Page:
Lars Maegdefessel Group
Non-coding RNAs in vascular biology and medicine
Lars Maegdefessel’s Molecular Vascular Medicine group at the Center for Molecular Medicine is focused on the therapeutic and biomarker potential of non-coding RNAs in vascular disease and its underlying (patho-)mechanisms, such as atherosclerosis, aneurysm formation, inflammation, and thrombosis. His research team utilizes unique human biobank material and various pre-clinical experimental models to unravel novel treatment and detection methods on a molecular basis to combat the burden of cardiovascular diseases.
Major research focus
Tremendous efforts have been initiated to elucidate the molecular and pathophysiological characteristics of cardiovascular disease (CVD), which has developed into the most prominent factor of morbidity and mortality in our aging society. Despite these efforts to reduce the burden of CVD, the identification of the complex genetic and epigenetic regulatory circuit, as well as sufficient steering and intervention, remains a great challenge in basic cardiovascular research and everyday clinical practice. The traditional method of drug design and biomarker discovery, involving enzymes, cell surface receptors, and other proteins, has not really impacted the treatment and detection of CVD to a greater extent in the recent past, which is mainly due to the sensitive nature of the targeted system.
In this dismaying scenario, the discovery of an entirely new method of regulation and recognition by non-coding RNAs (e.g., microRNAs, lncRNAs) and their validation as markers and modulators of pathological conditions, provides new hope for innovative therapy and disease recognition approaches. The Molecular Vascular Medicine lab at Karolinska utilizes unique human biobank material (tissue and plasma) of different CVDs. Most recently the group is exploring the role of microRNAs and lncRNAs in stable and unstable atherosclerotic plaques (from patients with symptomatic and asymptomatic carotid stenosis), aortic aneurysms (thoracic and abdominal), peripheral vascular occlusive disease (PVOD), in-stent restenosis (ISR), as well as transplantation and radiation vasculopathy. Candidate ncRNAs and their putative gene (mRNA) targets and proteins are profiled and detected through different transcriptomic (RNA sequencing, microarrays), proteomic, epigenomic and genetic analyses applications.
Discoveries from human profiling studies are extensively investigated in pre-clinical models of CVD, allowing the lab to better understand the physiological and pathological function and dysfunction of ncRNA modulation. In vitro studies are deployed for in-depth mechanistic studies in disease-relevant cell types and conditions.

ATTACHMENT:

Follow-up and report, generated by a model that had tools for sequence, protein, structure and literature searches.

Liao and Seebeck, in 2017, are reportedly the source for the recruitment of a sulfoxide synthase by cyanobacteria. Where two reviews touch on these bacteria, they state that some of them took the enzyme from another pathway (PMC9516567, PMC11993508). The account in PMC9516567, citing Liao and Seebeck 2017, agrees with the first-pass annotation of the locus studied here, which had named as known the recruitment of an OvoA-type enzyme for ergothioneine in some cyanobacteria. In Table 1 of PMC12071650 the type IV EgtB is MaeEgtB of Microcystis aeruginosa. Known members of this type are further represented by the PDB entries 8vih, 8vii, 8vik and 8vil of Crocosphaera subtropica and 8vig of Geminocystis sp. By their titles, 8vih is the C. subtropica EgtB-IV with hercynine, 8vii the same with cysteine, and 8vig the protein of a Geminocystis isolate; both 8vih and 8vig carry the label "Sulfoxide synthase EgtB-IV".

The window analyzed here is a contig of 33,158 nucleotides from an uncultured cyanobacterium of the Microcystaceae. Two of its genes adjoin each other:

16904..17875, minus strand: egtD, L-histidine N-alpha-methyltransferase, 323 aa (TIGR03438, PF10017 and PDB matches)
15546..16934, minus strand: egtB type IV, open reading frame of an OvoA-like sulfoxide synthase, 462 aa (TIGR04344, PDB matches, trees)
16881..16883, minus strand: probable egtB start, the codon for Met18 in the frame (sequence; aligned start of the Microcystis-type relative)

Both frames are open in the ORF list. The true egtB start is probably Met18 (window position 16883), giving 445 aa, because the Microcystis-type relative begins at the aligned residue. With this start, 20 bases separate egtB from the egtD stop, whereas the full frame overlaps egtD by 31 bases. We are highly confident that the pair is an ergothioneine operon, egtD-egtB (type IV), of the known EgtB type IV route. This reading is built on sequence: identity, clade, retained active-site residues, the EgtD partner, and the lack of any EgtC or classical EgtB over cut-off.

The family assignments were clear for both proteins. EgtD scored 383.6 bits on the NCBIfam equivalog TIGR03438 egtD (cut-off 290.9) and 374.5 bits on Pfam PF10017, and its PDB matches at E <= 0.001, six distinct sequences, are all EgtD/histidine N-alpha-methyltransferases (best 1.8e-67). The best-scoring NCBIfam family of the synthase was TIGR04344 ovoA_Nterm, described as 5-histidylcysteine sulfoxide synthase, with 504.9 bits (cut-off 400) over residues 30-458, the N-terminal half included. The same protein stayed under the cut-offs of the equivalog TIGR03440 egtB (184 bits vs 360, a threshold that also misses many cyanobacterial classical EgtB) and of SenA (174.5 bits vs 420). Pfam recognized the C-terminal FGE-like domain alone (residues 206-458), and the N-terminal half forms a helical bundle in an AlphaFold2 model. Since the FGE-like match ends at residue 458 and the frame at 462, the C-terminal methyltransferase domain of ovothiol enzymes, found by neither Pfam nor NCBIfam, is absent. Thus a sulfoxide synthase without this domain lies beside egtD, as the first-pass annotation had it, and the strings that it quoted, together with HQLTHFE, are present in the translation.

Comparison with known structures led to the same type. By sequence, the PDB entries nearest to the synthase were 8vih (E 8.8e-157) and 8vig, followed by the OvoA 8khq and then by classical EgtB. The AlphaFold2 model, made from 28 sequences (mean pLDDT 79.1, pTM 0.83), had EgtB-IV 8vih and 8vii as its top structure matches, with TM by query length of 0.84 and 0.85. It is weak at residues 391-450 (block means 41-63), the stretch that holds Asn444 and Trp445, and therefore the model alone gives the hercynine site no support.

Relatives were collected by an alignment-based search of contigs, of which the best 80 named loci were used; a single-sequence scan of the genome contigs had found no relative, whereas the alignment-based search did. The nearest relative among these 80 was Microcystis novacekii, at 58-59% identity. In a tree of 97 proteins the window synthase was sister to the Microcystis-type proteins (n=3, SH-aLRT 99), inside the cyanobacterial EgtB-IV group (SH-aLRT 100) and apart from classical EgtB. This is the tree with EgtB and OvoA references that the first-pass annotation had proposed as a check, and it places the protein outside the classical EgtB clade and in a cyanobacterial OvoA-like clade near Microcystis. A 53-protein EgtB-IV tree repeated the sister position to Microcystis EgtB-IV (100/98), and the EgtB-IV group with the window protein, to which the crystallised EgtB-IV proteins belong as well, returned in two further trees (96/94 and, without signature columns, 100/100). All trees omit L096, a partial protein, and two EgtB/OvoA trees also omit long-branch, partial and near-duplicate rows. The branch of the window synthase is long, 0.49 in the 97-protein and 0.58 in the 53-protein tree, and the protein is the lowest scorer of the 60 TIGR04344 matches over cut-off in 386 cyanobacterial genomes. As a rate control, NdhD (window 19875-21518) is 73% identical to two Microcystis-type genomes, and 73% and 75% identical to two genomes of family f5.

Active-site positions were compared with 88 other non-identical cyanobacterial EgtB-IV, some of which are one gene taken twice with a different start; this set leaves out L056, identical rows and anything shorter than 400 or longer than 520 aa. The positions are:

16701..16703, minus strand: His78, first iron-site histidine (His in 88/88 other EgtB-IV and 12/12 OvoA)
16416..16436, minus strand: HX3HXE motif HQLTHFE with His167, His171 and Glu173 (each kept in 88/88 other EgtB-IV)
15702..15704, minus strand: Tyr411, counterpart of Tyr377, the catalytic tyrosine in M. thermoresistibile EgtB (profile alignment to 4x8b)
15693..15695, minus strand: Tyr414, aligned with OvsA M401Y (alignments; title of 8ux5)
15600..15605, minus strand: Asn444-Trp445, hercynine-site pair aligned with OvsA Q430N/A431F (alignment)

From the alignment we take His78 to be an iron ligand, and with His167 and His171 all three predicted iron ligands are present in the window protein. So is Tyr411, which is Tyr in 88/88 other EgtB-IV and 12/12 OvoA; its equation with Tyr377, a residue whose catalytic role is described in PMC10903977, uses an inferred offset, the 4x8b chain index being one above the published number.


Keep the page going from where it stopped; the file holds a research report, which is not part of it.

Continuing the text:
Collaborations and Funding
Several in-house collaborators exist, including Professor Per Eriksson and Docent Joy Roy (aneurysm disease), Professor Ulf Hedin (atherosclerotic plaque vulnerability), Professor Göran Hansson (experimental atherosclerosis research), Professor Thomas Renné (thrombosis, hemostasis and edema formation), Dr. Martin Halle (radiation vasculopathy) and Professor John Pernow (endothelial dysfunction).
External collaborations are carried out with Profs. Philip S. Tsao, Nicholas J. Leeper and Thomas Quertermous (all Stanford University, USA), Prof. Sonja Schrepfer (University Heart Center Hamburg, Germany), Dr. Jordan Miller (Mayo Clinic, USA), Prof. Kathryn Moore (New York University, USA), and Dr. Katey Rayner (Ottawa Heart Institute).
Investigations in Lars Maegdefessel’s lab are currently supported by the European Research Council (ERC StG NORVAS), the Swedish Heart-Lung Foundation, the Ragnar Söderberg Foundation, the Swedish Research Council (Vetenkapsrådet), the Cardiovascular Program (CVP) at Karolinska Institute (KI), the KI Foundation, and CERIC (Center of Excellence for Research in Inflammatory and Cardiovascular Diseases).
Lars Maegdefessel MD, PhD, Team Leader
Alexandra Bäcklund, PhD, Deputy Team Leader
Ekaterina Chernogubova PhD, Research Assistant Professor
Hong Jin MD, PhD, Senior Research Fellow
Suzanne Eken MD, PhD student
Yuhuang Li, MD, PhD, Research Fellow (CERIC stipend)
Albert Busch, MD, Research Fellow (DFG stipend)
Changyan Sun, MSc, Research Assistant
Nancy Simon, MSc, Research Assistant
Anna Oloffson, MScE
Greg Korzunowicz, MD student (CSTP program)
Stina Sellberg, MD student
Local MicroRNA Modulation Using a Novel Anti-miR-21-Eluting Stent Effectively Prevents Experimental In-Stent Restenosis.
Arterioscler. Thromb. Vasc. Biol. 2015 Sep;35(9):1945-53
Transcription Factor Runx2 Promotes Aortic Fibrosis and Stiffness in Type 2 Diabetes Mellitus.
Circ. Res. 2015 Aug;117(6):513-24
Segmental aortic stiffening contributes to experimental abdominal aortic aneurysm development.
Circulation 2015 May;131(20):1783-95
MicroRNA regulation of vascular smooth muscle function and phenotype: early career committee contribution.
Arterioscler. Thromb. Vasc. Biol. 2015 Jan;35(1):2-6
The emerging role of microRNAs in cardiovascular disease.
J. Intern. Med. 2014 Dec;276(6):633-44
miR-24 limits aortic vascular inflammation and murine abdominal aneurysm development.
Nat Commun 2014 Oct;5():5214
Pathogenesis of abdominal aortic aneurysms: microRNAs, proteases, genetic associations.
Annu. Rev. Med. 2014 ;65():49-62
Cyclin-dependent kinase inhibitor 2B regulates efferocytosis and atherosclerosis.
J. Clin. Invest. 2014 Mar;124(3):1083-97
Dichloroacetate prevents restenosis in preclinical animal models of vessel injury.
Nature 2014 May;509(7502):641-4
MicroRNA-21 blocks abdominal aortic aneurysm development and nicotine-augmented expansion.
Sci Transl Med 2012 Feb;4(122):122ra22
Inhibition of microRNA-29b reduces murine abdominal aortic aneurysm development.
J. Clin. Invest. 2012 Feb;122(2):497-506